Kyiv despised him because he had Ukrainian blood on his hands and was notorious for using torture on Ukrainian prisoners of war. Moscow kept him on a short leash because he wanted more autonomy than it was willing to give him.
Still, he was little more than a figurehead, since evidence suggests that Moscow has had a powerful influence on the so-called separatist republics from the very beginning -- as shown by an overwhelming amount of evidence compiled by journalists, Kyiv, and Western intelligence agencies.
In one instance illustrating this, as the conflict flared in January 2015, Zakharchenko announced a large-scale offensive aimed at capturing the strategic port city of Mariupol. Two hours later, he walked back the order in a rushed press conference that had just one Russia state news outlet present.
At the time, sources in Donetsk told RFE/RL that he had received a call from Moscow shortly after his announcement.
Zakharchenko was twice wounded on the battlefield: once in the arm during a battle in July 2014 and a second time in the leg during a fight in February 2015. He underwent several surgeries and never fully recovered from the leg wound. Some reports indicated the wound had flared up again in the months before his death, sidelining him for several weeks.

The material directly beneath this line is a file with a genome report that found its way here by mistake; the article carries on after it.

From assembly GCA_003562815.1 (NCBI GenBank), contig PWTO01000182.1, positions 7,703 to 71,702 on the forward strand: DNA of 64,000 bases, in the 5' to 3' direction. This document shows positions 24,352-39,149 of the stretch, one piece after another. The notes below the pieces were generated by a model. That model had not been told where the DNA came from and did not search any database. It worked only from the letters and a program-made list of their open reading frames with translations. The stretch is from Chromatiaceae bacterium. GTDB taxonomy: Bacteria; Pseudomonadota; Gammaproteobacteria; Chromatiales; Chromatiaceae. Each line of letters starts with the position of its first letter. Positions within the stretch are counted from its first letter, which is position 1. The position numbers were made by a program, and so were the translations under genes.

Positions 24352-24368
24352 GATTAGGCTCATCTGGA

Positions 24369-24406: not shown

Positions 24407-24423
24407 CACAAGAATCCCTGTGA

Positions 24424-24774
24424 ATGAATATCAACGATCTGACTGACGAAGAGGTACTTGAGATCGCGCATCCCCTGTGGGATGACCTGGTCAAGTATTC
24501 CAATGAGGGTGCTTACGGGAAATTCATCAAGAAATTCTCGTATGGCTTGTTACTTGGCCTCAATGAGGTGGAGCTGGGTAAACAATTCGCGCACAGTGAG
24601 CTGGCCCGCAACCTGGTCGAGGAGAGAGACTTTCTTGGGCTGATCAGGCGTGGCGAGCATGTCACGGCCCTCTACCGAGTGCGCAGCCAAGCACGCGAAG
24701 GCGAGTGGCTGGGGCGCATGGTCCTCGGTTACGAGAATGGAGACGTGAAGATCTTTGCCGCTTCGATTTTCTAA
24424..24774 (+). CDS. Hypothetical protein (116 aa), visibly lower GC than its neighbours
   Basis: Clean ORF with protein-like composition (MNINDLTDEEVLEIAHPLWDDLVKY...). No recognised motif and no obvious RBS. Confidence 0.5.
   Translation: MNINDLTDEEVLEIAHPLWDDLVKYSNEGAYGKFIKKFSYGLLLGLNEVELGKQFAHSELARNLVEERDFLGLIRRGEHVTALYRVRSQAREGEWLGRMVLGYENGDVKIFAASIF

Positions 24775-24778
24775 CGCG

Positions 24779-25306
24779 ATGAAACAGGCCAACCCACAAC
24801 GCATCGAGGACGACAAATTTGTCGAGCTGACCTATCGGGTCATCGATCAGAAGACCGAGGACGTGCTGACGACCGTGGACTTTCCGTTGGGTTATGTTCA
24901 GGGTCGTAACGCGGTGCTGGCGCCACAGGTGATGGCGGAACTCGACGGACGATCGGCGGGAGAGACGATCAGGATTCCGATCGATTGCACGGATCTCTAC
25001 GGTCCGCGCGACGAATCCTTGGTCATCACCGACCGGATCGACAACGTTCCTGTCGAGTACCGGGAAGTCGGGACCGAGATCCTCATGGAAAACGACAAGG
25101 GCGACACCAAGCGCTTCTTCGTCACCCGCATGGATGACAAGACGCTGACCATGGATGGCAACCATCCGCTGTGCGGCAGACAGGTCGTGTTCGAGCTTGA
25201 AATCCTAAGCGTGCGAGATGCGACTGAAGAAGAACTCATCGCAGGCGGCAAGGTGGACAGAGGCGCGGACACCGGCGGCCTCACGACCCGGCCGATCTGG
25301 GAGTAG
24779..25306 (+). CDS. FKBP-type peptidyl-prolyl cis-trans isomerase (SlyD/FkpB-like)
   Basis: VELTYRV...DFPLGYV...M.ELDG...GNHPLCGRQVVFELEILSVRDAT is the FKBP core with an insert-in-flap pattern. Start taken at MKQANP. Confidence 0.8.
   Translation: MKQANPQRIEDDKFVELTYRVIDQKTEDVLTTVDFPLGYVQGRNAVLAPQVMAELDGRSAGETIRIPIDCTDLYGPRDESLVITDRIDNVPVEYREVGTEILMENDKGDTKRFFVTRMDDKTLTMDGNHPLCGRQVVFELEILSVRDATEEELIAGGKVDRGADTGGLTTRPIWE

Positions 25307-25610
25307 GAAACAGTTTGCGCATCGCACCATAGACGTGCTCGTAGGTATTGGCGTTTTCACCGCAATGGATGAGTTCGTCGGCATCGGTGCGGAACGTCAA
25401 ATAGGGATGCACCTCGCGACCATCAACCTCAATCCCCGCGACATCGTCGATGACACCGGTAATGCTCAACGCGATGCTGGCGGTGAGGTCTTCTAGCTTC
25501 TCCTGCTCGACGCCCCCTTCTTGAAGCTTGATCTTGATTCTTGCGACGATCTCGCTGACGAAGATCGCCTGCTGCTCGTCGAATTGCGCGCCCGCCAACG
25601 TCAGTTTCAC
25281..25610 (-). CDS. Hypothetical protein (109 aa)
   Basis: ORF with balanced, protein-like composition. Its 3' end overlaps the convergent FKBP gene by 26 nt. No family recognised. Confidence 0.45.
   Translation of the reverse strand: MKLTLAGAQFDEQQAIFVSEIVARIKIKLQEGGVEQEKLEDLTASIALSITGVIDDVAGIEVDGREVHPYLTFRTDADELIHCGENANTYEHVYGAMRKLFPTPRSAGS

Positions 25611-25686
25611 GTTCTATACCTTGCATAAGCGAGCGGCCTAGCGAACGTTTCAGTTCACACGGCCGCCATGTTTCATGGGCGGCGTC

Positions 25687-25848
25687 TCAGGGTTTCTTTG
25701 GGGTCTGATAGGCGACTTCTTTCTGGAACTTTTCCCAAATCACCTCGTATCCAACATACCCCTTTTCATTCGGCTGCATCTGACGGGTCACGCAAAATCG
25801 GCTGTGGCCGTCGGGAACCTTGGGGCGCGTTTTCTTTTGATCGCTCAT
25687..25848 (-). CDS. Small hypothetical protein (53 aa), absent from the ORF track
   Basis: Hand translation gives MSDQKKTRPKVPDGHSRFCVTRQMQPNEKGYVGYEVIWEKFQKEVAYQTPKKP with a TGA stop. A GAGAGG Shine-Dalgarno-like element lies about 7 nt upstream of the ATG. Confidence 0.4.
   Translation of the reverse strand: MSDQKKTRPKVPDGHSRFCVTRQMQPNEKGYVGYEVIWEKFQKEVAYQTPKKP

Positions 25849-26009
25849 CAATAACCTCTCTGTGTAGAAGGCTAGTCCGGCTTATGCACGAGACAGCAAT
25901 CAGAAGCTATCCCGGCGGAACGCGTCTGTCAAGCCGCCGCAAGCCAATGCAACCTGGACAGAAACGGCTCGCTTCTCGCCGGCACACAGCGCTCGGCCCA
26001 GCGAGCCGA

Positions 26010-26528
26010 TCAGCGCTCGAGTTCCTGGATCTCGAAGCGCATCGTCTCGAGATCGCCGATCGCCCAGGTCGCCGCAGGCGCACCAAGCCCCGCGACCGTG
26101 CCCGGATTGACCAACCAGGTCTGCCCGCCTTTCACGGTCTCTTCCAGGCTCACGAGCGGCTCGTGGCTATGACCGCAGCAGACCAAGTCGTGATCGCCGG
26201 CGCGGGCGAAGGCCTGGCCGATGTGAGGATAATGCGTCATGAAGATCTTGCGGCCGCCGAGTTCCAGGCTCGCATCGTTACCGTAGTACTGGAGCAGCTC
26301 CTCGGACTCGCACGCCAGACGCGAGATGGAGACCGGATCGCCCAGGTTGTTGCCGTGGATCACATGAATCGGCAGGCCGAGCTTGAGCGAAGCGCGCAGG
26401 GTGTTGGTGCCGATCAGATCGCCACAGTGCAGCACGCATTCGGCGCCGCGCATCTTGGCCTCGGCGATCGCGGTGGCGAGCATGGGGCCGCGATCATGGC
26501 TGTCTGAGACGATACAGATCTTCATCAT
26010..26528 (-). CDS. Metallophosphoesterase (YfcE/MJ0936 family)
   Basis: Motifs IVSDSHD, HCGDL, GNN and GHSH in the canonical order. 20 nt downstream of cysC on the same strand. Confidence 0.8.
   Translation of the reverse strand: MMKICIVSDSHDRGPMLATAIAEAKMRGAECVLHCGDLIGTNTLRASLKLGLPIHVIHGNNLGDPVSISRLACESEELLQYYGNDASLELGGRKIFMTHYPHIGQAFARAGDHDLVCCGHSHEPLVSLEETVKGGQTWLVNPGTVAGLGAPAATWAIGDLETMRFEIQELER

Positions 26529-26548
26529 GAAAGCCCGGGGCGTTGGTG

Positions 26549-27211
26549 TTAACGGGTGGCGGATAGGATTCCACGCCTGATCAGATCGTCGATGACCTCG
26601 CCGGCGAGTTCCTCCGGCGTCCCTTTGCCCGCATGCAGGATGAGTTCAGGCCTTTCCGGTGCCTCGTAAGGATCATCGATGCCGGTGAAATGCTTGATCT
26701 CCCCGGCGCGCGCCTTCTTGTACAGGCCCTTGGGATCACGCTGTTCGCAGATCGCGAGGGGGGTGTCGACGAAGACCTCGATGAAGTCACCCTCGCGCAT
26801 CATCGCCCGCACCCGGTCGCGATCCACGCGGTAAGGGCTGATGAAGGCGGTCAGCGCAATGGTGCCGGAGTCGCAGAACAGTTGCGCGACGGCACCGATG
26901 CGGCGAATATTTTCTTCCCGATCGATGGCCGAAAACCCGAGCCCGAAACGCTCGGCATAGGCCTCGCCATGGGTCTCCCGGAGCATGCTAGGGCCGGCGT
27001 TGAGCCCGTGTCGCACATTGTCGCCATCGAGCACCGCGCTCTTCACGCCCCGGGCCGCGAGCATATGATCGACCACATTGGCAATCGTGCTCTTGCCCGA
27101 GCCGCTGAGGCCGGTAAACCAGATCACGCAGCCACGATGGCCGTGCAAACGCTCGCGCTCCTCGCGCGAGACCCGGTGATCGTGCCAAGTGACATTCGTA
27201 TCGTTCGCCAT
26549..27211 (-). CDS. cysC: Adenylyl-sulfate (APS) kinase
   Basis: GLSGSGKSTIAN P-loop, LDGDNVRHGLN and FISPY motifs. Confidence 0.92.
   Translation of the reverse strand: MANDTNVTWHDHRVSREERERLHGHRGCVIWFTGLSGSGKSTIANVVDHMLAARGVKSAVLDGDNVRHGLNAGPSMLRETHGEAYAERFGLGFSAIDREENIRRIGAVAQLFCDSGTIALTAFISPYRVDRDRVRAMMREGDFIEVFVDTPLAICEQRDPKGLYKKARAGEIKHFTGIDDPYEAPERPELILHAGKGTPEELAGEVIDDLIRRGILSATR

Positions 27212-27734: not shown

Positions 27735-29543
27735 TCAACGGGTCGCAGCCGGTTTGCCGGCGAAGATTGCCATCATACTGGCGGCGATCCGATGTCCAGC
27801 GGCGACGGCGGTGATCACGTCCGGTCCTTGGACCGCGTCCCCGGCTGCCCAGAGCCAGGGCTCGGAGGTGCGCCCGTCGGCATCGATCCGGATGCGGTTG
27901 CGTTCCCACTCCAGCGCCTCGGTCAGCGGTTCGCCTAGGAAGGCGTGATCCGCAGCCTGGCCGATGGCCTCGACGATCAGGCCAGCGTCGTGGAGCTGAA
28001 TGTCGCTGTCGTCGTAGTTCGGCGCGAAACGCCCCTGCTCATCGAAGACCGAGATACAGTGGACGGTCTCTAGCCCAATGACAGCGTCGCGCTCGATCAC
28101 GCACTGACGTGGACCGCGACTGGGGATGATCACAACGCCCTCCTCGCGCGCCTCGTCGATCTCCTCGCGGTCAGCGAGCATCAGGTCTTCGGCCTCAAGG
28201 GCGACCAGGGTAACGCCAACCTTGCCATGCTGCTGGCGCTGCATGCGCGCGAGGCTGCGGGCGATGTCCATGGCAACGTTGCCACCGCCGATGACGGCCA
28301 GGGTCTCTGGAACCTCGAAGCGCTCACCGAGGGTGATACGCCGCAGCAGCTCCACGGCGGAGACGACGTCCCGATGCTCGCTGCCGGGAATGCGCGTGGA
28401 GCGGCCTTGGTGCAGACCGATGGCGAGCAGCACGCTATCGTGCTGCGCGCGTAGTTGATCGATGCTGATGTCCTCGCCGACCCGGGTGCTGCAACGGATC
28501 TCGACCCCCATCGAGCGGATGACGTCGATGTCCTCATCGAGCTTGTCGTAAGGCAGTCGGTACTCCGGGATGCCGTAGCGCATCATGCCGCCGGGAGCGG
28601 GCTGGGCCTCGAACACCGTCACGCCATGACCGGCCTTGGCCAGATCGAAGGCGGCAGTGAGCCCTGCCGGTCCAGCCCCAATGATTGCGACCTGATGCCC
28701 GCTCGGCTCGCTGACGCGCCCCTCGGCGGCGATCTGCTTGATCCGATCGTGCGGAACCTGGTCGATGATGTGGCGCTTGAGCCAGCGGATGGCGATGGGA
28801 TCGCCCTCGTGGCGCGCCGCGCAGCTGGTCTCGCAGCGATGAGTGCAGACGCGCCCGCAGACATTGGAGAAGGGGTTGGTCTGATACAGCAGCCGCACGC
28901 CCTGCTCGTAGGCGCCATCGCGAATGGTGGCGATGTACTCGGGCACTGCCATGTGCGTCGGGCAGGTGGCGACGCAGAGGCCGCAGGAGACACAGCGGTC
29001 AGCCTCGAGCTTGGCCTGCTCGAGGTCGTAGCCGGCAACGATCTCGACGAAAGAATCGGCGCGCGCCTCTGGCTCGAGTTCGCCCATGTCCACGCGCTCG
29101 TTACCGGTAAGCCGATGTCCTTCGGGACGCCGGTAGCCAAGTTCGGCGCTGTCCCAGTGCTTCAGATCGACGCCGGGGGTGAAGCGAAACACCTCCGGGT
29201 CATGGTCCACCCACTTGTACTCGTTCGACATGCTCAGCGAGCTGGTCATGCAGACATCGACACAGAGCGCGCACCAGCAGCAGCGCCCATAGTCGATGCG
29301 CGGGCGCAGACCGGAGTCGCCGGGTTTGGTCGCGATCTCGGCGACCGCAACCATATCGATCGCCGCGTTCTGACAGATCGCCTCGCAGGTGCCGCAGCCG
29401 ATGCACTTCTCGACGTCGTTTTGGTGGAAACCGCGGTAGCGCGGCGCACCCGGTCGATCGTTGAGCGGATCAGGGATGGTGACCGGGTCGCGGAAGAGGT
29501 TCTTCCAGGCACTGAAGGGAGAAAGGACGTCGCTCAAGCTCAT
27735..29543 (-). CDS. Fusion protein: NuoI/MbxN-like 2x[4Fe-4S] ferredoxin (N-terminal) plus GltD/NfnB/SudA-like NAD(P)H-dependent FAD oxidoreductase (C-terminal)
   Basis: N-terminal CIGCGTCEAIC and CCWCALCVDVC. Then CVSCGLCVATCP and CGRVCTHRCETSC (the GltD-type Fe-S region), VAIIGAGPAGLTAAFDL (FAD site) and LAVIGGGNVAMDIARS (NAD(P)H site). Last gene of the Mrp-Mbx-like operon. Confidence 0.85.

In July 2015, on the first anniversary of the downing of Malaysia Airlines Flight 17, he appeared in the village of Hrabove, where much of the plane’s wreckage had fallen. All 298 people on board the jet died.
Zakharchenko wore a leg brace and leaned heavily on a cane for support as he hobbled to a memorial plaque. Despite overwhelming evidence showing that the missile that downed the jet was transported from Russia and fired from territory under his control, he repeated Russian propaganda and blamed the downing on Kyiv.
There had long been rumors that Zakharchenko would be replaced. Much of that stemmed from his insubordination but also from the difficulties local residents endured, not least of which was actual war. But there was also the dire economic situation and an unpopular curfew.